Roman Expeditions in Ancient Sub-Saharan Africa


This terracotta oil lamp was produced on Cyprus during the first half of the 1st Century CE. The discus has an engraved image of a rhinoceros tossing a large cat with its horn. / Metropolitan Museum of Art, Creative Commons

Most of these expeditions began as military campaigns, while the last one may have been initiated in the interests of trade relations.


By Dr. Joshua J. Mark
Professor of Philosophy
Marist College


Introduction

Sub-Saharan Africa was explored by Roman expeditions between 19 BCE – 90 CE, most likely in an effort to locate the sources of valuable trade goods and establish routes to bring them to the seaports on the coast of North Africa, thereby minimizing disruption in trade caused by conflicts among indigenous tribes and kingdoms.

Most of these expeditions began as military campaigns, while the last one may have been initiated in the interests of trade relations, but the purpose of all of them seems to have been in the interests of expanding Roman presence in Africa and locating the source of the most valuable trade goods. Rome had established trade relationships with a number of kingdoms in Africa, most notably Meroe, whose merchants brought goods for trade from the interior to the three great Roman centers on the North African coast – Leptis Magna, Oea, and Sabratha – but the desire for even more goods, and direct access to them, prompted Roman excursions to the Sub-Saharan regions. The five expeditions were:

  • Cornelius Balbus – 19 BCE
  • Suetonius Paulinus – 41 CE
  • Septimius Flaccus – 50 CE
  • Valerius Festus – 70 CE
  • Julius Maternus – 90 CE

These expeditions brought the Romans into direct contact with tribes they had never met before, resulting in cross-cultural exchange, the import of Roman goods to Africa, and the export of African goods to the larger Mediterranean civilizations. Although late-19th/early-20th-century CE European scholars made much of the “civilizing” influence of the Romans on the “natives” of Sub-Saharan Africa, modern scholarship makes clear the people with whom the Romans interacted already had highly developed civilizations and rich cultural heritage. The cultural impact of the Roman expeditions on the Sub-Saharan cultures, in fact, is still debated among scholars.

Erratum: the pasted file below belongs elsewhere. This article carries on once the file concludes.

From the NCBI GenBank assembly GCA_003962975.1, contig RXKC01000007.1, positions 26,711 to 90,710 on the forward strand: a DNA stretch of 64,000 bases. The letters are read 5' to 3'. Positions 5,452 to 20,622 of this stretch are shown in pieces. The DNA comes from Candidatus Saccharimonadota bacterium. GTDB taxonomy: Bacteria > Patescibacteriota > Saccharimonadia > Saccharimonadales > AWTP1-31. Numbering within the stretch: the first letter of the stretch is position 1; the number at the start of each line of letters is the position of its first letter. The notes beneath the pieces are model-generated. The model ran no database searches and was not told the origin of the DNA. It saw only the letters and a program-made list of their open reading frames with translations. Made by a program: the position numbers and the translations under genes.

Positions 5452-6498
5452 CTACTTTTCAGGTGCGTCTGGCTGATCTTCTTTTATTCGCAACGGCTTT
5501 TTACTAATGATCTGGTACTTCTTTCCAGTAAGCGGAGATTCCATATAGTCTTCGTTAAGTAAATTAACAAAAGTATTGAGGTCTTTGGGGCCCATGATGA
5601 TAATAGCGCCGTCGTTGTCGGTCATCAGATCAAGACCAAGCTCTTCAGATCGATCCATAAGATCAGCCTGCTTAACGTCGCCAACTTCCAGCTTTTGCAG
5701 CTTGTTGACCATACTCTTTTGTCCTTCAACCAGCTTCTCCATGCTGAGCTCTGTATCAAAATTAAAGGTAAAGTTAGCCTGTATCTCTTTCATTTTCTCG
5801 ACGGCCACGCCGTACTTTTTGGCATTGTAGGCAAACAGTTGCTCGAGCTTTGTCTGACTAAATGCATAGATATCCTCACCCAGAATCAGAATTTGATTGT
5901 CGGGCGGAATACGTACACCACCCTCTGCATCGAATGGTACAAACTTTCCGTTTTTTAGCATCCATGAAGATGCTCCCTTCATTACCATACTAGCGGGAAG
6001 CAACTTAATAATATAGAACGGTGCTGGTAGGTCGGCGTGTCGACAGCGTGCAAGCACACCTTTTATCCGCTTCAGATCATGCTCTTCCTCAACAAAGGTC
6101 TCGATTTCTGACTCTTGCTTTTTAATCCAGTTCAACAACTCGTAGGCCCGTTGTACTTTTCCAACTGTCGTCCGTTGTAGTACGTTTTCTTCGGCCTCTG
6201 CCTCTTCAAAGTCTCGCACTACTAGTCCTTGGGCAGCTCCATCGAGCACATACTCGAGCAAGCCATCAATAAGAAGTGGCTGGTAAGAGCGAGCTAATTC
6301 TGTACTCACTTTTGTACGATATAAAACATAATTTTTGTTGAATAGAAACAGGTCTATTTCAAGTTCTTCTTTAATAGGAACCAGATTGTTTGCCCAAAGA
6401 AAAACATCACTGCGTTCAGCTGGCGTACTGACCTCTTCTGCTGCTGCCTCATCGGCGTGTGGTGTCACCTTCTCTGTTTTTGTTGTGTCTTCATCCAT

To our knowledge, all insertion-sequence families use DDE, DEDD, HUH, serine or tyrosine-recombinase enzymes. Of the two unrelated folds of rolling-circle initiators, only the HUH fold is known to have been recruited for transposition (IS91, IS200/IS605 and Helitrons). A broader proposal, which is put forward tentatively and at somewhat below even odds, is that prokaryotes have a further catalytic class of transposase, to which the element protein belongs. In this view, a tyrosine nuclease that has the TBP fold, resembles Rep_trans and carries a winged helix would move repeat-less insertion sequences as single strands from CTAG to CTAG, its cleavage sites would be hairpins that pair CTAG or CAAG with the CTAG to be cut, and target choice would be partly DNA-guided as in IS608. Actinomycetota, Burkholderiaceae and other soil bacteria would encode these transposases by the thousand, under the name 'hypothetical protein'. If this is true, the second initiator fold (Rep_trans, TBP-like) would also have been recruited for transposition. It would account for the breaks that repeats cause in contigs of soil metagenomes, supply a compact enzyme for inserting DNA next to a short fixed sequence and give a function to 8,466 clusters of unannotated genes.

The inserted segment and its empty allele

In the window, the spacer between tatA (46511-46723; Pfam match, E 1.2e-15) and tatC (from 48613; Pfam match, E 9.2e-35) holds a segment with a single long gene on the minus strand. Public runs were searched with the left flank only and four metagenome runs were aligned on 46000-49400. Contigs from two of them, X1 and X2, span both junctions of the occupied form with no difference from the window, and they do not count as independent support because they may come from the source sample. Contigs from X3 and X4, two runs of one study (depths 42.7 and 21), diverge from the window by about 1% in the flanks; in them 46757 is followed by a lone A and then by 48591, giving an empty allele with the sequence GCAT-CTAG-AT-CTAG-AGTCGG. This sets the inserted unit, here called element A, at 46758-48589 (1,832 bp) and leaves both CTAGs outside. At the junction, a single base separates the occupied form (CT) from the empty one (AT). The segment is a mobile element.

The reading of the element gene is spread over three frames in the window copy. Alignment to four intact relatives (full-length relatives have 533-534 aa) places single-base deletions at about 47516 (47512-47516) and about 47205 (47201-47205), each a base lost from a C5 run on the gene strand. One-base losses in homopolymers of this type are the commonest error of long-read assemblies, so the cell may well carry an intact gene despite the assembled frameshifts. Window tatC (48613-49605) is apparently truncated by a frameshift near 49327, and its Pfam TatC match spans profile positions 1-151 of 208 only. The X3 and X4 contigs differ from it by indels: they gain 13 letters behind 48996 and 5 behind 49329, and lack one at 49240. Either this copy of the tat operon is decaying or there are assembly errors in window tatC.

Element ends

Berber, Carthaginian, and Roman Trade

Trade among the different kingdoms and tribes of Africa was already well established by the time the Phoenicians founded Carthage c. 332 BCE. The overland trade routes, connections, and seaports had been used by African merchants for centuries and, once the Carthaginians gained a foothold in North Africa, contributed to the wealth, prestige, and power of their central city and others in the region. Trade centers were already established on the North African coast by the semi-nomadic or nomadic Berber tribes of the region who traded with each other and may have exported goods elsewhere. These are thought to have been modest sites which the Carthaginians then took over and developed. How and with whom the Berbers may have traded outside of Africa is unclear, but it is certain that such trade was established since the Carthaginians simply took over the earlier Berber business contacts. Scholars R. Oliver and J. D. Fage comment:

Since the Phoenicians were quick to develop any opportunities of trade which came their way, and since their mercantile skill was backed by advanced agricultural techniques, even the smallest coastal settlement tended to become a local metropolis where Berber tribesmen could gain some knowledge of a more ordered and settled mode of living. (54)  

The Carthaginians were interested in “civilizing” the Berbers by introducing them to urban life and culture and it seems they achieved their goal as Berber merchants became a staple of trade in the major Carthaginian cities of North Africa. After the fall of Carthage to Rome following the First Punic War (264-241 BCE), Rome became the Mediterranean superpower and replaced Carthage, taking their North African trade centers and transforming them into the region known as Regio Tripolitania (“region of the three cities”) referring to Leptis Magna, Oea (modern Tripoli), and Sabratha.

The Old Roman Forum of Leptis Magna / Photo by Witold Ryka, Wikimedia Commons

After 30 BCE, following the death of Cleopatra VII (l. 69-30 BCE), Rome took Egypt and added it to its North African holdings. Roman Egypt then became the empire‘s “breadbasket” whose grain supply to Rome was supplemented through trade at the cities of Regio Tripolitania. Scholar John Reader comments on the Roman’s dependence on North African trade: